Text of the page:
Since their debut record in 1998, Do Make Say Think have made one critically-acclaimed album after another. They are one of the most consistently inventive instrumental rock bands of the past decade, and one of the most self-realised: DMST members themselves have recorded, mixed and mastered all the band’s work, developing a highly original and finely detailed approach to audio production. You, You’re A History In Rust is the fifth record by Do Make Say Think and a brilliant extension of the band’s unique sonic narrative.
In many ways the new album picks up where Winter Hymn Country Hymn Secret Hymn left off – acoustic fingerpicked guitars are the recurring compositional anchor, with drums and percussion fluttering around these campfire themes while horns and electric guitars gather in swarms. The songs on You, You’re A History In Rust develop like moths drawn to a flame, instruments tracing erratic circles around a flickering, elusive centre. This organic non-linearity will be familiar to fans of the band, as DMST honed this kind of overlapping, multi-thematic ebb and flow over the last couple of records. And as these fans know, DMST’s approach to musical deconstruction is never academic, forced, or played merely for effect; it is always a matter of weaving the captured elements together with the mixing desk played like a master instrument. As with previous releases, DMST set up in remote locations for the main recording sessions, tracking these new songs at a cottage and barn in rural Ontario, Canada and returning to their Toronto homebase at th’Schvitz studio for overdubs and mixing by production wizards Charles, Ohad and Justin.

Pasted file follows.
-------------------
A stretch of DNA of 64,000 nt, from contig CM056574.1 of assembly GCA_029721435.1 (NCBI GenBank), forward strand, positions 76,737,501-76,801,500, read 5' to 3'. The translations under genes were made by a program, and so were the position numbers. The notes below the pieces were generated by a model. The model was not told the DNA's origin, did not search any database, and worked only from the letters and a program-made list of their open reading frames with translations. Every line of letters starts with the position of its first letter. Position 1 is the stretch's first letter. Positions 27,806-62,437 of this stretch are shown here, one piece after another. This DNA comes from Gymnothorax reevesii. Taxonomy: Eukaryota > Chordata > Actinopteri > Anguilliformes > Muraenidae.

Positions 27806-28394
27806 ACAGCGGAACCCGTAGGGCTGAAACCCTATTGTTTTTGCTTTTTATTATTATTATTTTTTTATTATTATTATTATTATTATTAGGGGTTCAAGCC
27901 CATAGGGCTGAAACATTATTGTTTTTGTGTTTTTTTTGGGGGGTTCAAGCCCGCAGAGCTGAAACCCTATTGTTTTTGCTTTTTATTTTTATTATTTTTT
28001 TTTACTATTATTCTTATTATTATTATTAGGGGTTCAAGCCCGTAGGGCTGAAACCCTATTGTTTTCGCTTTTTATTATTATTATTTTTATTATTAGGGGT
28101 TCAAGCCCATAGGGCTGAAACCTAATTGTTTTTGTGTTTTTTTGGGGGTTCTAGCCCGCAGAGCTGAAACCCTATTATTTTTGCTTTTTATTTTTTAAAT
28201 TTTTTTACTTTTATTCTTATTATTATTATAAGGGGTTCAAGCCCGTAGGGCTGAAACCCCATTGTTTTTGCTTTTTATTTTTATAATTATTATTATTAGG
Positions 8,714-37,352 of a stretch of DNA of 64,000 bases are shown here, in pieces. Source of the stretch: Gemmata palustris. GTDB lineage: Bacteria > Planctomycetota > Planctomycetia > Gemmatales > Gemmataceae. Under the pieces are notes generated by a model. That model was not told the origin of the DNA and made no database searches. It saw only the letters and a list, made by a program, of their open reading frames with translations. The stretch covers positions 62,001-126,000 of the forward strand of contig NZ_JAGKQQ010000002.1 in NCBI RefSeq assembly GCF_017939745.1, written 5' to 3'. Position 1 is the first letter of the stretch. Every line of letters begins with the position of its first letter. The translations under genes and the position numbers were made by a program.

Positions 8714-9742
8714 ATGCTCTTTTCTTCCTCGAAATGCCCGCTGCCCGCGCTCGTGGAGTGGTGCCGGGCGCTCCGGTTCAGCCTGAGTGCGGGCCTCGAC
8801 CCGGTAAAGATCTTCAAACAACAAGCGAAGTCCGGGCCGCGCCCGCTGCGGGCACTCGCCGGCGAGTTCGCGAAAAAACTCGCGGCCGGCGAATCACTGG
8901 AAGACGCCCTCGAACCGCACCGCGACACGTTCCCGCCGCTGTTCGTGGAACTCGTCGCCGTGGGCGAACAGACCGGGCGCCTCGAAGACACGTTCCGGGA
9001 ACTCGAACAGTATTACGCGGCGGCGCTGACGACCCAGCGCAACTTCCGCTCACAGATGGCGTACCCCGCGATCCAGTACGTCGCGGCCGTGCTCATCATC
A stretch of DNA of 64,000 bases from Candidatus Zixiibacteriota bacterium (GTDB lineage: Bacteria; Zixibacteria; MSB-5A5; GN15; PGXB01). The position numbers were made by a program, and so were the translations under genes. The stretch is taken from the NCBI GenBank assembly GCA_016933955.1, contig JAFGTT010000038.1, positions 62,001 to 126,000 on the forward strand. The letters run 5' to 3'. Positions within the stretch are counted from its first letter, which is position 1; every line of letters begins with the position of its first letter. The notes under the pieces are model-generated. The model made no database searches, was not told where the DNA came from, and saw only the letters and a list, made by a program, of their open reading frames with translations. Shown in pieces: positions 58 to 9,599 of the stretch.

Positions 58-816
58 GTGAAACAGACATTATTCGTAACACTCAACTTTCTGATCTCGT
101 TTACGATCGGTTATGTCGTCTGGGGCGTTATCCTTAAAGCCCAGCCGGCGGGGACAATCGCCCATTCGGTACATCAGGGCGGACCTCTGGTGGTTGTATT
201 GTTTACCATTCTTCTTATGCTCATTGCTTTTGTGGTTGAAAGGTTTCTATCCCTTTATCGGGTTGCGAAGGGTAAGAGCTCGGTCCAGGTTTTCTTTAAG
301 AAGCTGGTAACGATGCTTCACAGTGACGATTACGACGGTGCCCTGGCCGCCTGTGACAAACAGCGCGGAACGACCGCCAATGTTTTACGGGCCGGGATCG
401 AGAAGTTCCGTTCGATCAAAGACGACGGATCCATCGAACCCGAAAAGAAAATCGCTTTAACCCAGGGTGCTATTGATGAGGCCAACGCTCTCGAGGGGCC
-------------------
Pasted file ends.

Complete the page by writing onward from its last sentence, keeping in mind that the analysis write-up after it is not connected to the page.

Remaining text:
Album opener “Bound To Be That Way” puts all these elements on fine display: recorded rhythmic and melodic figures fade in and out along with found and recovered sounds, lead instruments slide and shift in the mix, and the band’s dual drummers deploy separate channels of syncopated stutter. “A With Living” will surprise hardcore DMST followers, as it features full-on verse-chorus-verse singing that builds towards lovely massed vocals before breaking down again into a beautiful modal horn denouement. “The Universe!” and “Herstory Of Glory” serve as tight, snappy firecrackers set off within the rest of the album’s pensive, dusky atmosphere.